Occupational safety summary for 2019

Fingrid’s objective is to ensure that everyone working on our worksites gets home safely and healthily at the end of every working day. We have worked with our suppliers for several years to reach this objective. Thanks to our long-term occupational safety work, we have succeeded in reducing the number of accidents in the workplace and the lost-time injury frequency. Unfortunately, the lost-time injury frequency increased year-on-year in 2019.

Seven workplace accidents occurred resulting in absences, two of which were classified as serious accidents. The interim target for the combined lost-time injury frequency in 2019 was less than five (workplace accidents leading to absences / million working hours). The frequency ended up being 5.5, so we did not reach this target.

Three of the workplace accidents occurred on transmission line investment sites, one in transmission line maintenance, one in a substation project, one in substation maintenance, and one in vegetation management. Slips and trips were the causes of about half of the workplace accidents leading to absences. It is noteworthy that there were three accidents caused by rotating blades in machinery. One of these was a serious accident leading to a permanent disability when the blade of a brush saw severed an employee’s finger.

Another serious workplace accident occurred on a transmission line investment site when an employee slipped on a forestry machine platform and injured his arm. This accident led to sick leave lasting more than 30 days.

The same causes were behind the accidents as in previous years: slipping, uneven terrain and inadequate safety planning in unforeseen circumstances. Accidents often occur when situations change, so it is important to suspend work if an unforeseen event arises and take enough time to plan the work safely.

Proactive occupational safety work continued on Fingrid’s worksite this year. The number of safety observations and near misses increased slightly year-on-year. The majority of the observations were made on substation and transmission line investment sites, but there were also some observations in maintenance.

The number of safety observations has increased in recent years, and employees have contributed to the joint development of occupational safety at a pleasing rate. In addition to the quantity of safety observations, the quality and the things that we learn from them are also important. Approximately 500 safety toolbox talks were held on Fingrid’s worksites, which is about the same number as in 2018.

In 2019, there were no near misses falling in severity category A. However, there were more than ten near misses in the medium-severity category, B, including the following:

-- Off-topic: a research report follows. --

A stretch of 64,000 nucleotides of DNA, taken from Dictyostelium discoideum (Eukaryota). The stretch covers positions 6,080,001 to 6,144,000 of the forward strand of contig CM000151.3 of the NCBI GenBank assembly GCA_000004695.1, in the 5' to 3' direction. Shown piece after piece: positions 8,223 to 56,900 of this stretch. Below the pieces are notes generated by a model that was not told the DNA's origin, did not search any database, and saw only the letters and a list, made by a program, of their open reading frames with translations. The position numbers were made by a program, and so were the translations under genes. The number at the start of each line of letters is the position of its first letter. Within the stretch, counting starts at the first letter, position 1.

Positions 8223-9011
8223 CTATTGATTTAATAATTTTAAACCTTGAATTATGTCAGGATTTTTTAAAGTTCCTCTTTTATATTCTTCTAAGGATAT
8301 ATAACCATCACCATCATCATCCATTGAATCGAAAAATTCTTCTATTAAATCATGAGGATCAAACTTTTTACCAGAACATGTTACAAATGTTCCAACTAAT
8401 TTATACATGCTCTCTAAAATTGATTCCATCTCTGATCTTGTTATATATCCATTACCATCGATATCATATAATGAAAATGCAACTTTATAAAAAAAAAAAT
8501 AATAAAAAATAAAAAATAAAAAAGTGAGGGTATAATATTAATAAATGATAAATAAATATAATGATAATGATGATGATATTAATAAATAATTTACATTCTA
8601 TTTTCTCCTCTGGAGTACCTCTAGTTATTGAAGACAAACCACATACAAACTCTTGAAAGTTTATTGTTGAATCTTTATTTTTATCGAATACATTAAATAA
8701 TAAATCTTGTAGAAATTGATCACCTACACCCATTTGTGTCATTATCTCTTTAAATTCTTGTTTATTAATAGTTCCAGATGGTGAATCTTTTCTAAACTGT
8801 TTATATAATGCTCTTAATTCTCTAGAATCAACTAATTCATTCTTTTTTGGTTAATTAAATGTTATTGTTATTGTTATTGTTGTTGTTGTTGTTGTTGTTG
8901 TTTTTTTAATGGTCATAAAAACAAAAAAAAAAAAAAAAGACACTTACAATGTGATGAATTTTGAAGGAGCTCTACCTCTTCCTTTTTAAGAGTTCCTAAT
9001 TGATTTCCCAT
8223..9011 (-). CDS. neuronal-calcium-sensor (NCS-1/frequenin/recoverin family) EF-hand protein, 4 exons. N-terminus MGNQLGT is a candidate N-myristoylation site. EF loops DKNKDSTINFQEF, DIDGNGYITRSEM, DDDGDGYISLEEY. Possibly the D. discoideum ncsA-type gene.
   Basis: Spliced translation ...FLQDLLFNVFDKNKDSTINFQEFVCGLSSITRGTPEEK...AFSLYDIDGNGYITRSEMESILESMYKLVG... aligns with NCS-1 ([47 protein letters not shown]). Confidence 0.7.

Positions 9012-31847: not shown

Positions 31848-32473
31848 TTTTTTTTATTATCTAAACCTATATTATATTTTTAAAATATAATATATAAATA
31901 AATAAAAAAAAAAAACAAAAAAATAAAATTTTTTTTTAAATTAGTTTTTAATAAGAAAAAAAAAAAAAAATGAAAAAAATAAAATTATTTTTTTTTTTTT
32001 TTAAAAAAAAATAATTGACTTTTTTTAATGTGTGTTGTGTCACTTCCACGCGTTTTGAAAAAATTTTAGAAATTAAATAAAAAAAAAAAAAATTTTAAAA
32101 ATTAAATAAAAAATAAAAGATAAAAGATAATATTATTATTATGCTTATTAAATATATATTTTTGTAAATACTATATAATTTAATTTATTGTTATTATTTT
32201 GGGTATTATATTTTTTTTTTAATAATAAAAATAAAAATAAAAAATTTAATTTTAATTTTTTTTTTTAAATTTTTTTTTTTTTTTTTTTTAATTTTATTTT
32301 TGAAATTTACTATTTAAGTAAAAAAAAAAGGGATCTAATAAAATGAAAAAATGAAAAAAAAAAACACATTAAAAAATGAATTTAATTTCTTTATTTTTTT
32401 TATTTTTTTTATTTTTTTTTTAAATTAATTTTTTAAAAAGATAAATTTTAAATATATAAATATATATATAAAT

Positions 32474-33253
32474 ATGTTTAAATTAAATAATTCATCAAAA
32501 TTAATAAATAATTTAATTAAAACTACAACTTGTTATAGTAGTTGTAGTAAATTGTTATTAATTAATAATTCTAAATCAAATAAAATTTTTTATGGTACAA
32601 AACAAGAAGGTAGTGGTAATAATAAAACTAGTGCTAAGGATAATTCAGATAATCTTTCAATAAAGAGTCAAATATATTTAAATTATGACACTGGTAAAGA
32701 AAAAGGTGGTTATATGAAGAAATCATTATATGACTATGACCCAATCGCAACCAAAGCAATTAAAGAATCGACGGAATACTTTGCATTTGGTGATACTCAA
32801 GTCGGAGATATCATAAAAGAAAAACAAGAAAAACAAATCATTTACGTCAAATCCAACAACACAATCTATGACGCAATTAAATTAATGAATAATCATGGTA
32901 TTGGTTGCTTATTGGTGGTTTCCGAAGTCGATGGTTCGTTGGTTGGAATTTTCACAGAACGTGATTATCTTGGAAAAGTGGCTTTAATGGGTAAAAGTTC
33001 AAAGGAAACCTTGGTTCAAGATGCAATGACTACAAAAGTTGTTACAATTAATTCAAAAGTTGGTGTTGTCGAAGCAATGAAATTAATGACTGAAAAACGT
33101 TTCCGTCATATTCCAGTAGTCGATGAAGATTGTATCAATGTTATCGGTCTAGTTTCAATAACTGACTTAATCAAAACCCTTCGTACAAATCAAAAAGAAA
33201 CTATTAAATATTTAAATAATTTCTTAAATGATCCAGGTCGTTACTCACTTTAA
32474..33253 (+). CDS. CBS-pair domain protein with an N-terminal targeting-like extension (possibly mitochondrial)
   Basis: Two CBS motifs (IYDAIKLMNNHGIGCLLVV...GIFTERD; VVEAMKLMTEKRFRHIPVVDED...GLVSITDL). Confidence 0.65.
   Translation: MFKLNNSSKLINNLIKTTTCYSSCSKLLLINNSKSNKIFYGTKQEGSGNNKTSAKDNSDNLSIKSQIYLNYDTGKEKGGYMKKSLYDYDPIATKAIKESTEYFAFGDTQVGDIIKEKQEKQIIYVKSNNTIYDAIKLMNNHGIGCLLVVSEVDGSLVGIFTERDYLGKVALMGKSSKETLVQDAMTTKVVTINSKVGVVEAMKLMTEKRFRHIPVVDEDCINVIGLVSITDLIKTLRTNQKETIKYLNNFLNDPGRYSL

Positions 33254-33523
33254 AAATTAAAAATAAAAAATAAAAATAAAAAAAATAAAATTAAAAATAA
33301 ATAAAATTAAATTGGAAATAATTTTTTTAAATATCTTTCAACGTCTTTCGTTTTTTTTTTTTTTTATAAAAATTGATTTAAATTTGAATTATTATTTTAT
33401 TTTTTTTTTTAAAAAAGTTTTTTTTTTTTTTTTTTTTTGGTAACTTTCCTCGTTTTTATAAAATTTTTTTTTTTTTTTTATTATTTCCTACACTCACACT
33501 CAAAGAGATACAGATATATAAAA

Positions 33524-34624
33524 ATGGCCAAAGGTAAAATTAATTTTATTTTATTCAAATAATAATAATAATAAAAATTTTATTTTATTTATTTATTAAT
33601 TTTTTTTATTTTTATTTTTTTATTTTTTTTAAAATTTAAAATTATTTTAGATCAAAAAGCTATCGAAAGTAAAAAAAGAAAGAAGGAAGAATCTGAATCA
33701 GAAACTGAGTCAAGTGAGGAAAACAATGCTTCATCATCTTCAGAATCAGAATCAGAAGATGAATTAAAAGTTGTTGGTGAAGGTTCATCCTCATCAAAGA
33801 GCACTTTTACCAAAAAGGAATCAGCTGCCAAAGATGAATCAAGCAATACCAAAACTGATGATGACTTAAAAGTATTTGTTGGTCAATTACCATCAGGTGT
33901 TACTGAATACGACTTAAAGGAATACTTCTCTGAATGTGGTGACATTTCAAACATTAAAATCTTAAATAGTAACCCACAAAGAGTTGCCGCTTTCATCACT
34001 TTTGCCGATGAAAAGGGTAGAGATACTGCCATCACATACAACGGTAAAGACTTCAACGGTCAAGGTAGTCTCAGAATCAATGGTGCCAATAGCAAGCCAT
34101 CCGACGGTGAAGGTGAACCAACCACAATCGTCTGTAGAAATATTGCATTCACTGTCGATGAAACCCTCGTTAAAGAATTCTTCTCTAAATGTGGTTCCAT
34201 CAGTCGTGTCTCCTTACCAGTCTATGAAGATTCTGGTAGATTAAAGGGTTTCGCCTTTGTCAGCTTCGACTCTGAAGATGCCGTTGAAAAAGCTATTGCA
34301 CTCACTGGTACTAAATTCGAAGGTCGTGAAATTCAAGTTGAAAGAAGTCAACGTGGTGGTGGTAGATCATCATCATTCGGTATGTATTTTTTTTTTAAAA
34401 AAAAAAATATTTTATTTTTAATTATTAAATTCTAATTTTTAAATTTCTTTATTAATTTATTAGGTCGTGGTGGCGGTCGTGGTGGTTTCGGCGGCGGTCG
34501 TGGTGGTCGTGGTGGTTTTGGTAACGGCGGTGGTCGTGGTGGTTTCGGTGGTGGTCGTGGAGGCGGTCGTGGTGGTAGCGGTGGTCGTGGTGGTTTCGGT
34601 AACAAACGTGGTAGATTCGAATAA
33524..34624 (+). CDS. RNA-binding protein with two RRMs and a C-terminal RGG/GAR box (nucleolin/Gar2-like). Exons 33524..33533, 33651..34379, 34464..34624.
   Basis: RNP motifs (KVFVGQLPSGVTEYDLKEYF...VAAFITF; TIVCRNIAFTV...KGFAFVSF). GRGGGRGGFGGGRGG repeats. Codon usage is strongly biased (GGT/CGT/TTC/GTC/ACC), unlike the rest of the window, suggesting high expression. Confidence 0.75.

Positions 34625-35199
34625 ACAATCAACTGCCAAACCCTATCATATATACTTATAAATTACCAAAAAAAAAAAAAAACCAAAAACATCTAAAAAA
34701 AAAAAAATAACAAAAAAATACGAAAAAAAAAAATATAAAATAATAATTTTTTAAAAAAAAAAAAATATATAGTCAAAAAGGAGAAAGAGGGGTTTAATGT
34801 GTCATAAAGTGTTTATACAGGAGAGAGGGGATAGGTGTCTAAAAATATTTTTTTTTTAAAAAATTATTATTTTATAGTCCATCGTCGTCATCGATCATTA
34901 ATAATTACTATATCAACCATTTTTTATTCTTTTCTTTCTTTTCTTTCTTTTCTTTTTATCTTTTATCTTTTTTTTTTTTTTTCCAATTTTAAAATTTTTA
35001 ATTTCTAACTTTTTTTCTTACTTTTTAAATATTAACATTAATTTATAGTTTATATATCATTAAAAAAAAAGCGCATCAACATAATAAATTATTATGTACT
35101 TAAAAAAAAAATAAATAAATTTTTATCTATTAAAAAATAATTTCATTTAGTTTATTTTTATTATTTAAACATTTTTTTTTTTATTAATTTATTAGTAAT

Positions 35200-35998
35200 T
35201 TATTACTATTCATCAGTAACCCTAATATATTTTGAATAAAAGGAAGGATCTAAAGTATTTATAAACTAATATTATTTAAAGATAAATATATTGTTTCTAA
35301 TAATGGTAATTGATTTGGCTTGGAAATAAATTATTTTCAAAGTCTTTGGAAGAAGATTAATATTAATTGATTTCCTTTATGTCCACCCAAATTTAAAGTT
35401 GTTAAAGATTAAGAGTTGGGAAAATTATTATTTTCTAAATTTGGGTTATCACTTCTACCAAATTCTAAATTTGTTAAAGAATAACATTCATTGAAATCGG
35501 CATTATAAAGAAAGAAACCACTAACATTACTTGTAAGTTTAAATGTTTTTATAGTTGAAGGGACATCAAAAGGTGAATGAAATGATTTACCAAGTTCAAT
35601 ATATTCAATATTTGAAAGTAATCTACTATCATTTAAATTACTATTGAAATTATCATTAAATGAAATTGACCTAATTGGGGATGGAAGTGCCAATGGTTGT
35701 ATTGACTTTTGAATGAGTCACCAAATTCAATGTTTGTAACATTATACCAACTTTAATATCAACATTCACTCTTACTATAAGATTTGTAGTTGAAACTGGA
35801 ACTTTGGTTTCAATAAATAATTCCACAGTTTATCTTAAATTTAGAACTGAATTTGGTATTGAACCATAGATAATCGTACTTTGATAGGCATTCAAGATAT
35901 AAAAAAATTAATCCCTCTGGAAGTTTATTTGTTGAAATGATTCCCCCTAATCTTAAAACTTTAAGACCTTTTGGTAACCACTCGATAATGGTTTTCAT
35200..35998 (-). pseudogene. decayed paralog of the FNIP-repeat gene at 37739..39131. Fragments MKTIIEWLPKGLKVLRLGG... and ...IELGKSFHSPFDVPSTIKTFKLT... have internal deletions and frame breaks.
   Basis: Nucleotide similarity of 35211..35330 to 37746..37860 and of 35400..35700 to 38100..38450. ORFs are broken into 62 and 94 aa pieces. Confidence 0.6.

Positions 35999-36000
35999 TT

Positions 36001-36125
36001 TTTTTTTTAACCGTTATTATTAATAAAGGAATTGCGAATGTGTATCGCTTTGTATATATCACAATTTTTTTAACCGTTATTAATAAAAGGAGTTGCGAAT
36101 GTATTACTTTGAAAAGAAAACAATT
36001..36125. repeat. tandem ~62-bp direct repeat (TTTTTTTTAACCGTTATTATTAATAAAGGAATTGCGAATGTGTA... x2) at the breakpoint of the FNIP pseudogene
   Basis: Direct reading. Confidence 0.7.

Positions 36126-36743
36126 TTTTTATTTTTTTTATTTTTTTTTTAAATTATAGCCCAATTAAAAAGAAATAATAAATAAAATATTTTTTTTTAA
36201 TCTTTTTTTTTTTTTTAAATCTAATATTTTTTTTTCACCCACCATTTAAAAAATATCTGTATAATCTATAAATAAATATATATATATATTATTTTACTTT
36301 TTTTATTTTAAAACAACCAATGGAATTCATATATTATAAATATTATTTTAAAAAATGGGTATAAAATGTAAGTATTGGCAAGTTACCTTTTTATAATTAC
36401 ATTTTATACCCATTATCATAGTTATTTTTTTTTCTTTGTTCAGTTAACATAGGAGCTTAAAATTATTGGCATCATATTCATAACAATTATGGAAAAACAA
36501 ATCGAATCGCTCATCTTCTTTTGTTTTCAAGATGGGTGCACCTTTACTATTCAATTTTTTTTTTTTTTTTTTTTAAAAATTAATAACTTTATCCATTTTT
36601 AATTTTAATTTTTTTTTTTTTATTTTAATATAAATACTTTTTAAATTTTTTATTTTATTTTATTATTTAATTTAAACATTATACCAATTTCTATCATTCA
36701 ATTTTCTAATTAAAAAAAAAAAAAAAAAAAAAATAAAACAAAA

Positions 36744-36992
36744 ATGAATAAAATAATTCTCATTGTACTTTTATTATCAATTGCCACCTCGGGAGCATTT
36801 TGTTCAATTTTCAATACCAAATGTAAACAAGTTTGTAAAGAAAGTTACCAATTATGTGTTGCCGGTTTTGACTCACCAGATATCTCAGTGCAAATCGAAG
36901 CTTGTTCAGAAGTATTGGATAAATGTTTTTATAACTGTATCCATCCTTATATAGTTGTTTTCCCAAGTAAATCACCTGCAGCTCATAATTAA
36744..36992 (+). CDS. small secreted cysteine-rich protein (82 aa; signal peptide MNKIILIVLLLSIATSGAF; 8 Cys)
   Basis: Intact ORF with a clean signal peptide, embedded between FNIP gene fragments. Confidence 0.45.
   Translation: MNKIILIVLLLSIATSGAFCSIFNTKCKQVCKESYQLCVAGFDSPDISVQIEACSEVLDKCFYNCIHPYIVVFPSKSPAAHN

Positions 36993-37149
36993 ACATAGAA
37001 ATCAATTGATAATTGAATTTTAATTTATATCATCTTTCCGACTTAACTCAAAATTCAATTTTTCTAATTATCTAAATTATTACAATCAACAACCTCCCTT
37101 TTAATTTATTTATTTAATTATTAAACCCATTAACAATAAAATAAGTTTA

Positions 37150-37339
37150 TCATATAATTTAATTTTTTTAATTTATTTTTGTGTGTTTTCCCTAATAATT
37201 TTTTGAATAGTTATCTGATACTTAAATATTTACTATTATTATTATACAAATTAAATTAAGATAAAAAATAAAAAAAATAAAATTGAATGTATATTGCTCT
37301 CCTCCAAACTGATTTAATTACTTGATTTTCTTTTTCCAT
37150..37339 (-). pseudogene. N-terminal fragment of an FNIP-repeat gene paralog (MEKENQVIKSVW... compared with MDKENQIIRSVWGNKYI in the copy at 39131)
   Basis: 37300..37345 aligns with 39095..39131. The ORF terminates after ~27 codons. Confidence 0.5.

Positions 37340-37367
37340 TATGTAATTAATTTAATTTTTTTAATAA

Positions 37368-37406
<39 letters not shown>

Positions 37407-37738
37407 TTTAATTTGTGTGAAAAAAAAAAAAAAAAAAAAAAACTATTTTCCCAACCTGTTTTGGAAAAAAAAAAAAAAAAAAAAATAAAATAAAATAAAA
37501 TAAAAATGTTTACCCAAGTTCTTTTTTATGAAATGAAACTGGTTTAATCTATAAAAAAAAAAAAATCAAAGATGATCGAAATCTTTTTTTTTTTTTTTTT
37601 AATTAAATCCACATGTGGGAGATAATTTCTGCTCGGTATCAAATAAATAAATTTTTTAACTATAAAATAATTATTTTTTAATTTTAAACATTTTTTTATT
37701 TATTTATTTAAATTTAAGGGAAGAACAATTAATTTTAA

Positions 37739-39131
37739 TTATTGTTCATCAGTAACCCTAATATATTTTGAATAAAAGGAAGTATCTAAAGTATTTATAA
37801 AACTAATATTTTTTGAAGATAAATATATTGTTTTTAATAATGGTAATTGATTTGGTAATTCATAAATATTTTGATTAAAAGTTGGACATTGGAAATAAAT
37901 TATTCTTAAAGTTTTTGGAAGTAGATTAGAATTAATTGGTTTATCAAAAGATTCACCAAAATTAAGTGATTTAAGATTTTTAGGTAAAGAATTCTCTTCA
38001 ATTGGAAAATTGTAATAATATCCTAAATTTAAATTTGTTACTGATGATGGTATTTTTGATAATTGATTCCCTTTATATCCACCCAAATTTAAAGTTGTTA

• Incidents of the ground giving way during lifting work caused three moderately severe near misses. None of these incidents involved the hoist falling over, but if the ground gives way, there is always a risk of personal injury and significant material damage. The reasons for these incidents were either inadequate hoist bedding or misjudgements of the load-bearing capacity of the ground.
  • One forestry machine came close to falling over after slipping on a snowy and icy slope.
  • The lack of a design for a prefabricated construction element led to a hazard when it became apparent that the prefabricator
    had made the support holes too small, resulting in the risk of elements falling over in high winds. Fortunately, the supplier noticed the mistake before any installation work began.
  • When a conducting wire was being pulled through, the conductor’s span wire snapped when the conductor was overtightened to allow for insulators to be installed. The conductor did not fall down because a brake machine was used as a backup.
  • A tower was being demolished on a transmission line project when it fell onto the live 20 kV transmission line next to it. No measures had been taken to prevent the demolished tower from falling onto the adjacent line.
  • On a substation project, the overhead line’s jumpers attached to the horizontal beam of a switchyard caused a three-phase short circuit during commissioning.
  • A live cable also caused a hazard when a gas analyser was being installed in a transformer, as the installation technician thought that the cable was not live.

A total of nine corporate responsibility audits were performed on substation and transmission line projects, reserve power plant projects and vegetation management sites in 2019. Corporate responsibility audits are Fingrid’s way of ensuring that the activities on the worksite comply with the requirements of Fingrid and the laws in occupational safety and environmental matters, as well as employee
responsibility matters.

There was found to be room for improvement in areas such as risk assessments, identifying particularly hazardous work locations, competence management and online training completion, and lifting equipment. It is good to see that suppliers have welcomed feedback and suggestions for improvements. Development has occurred in terms of MVR measurement competences, the quality of safety plans and, at the end of the year, the condition of lifting equipment. About ten corporate responsibility audits will be conducted in 2020.

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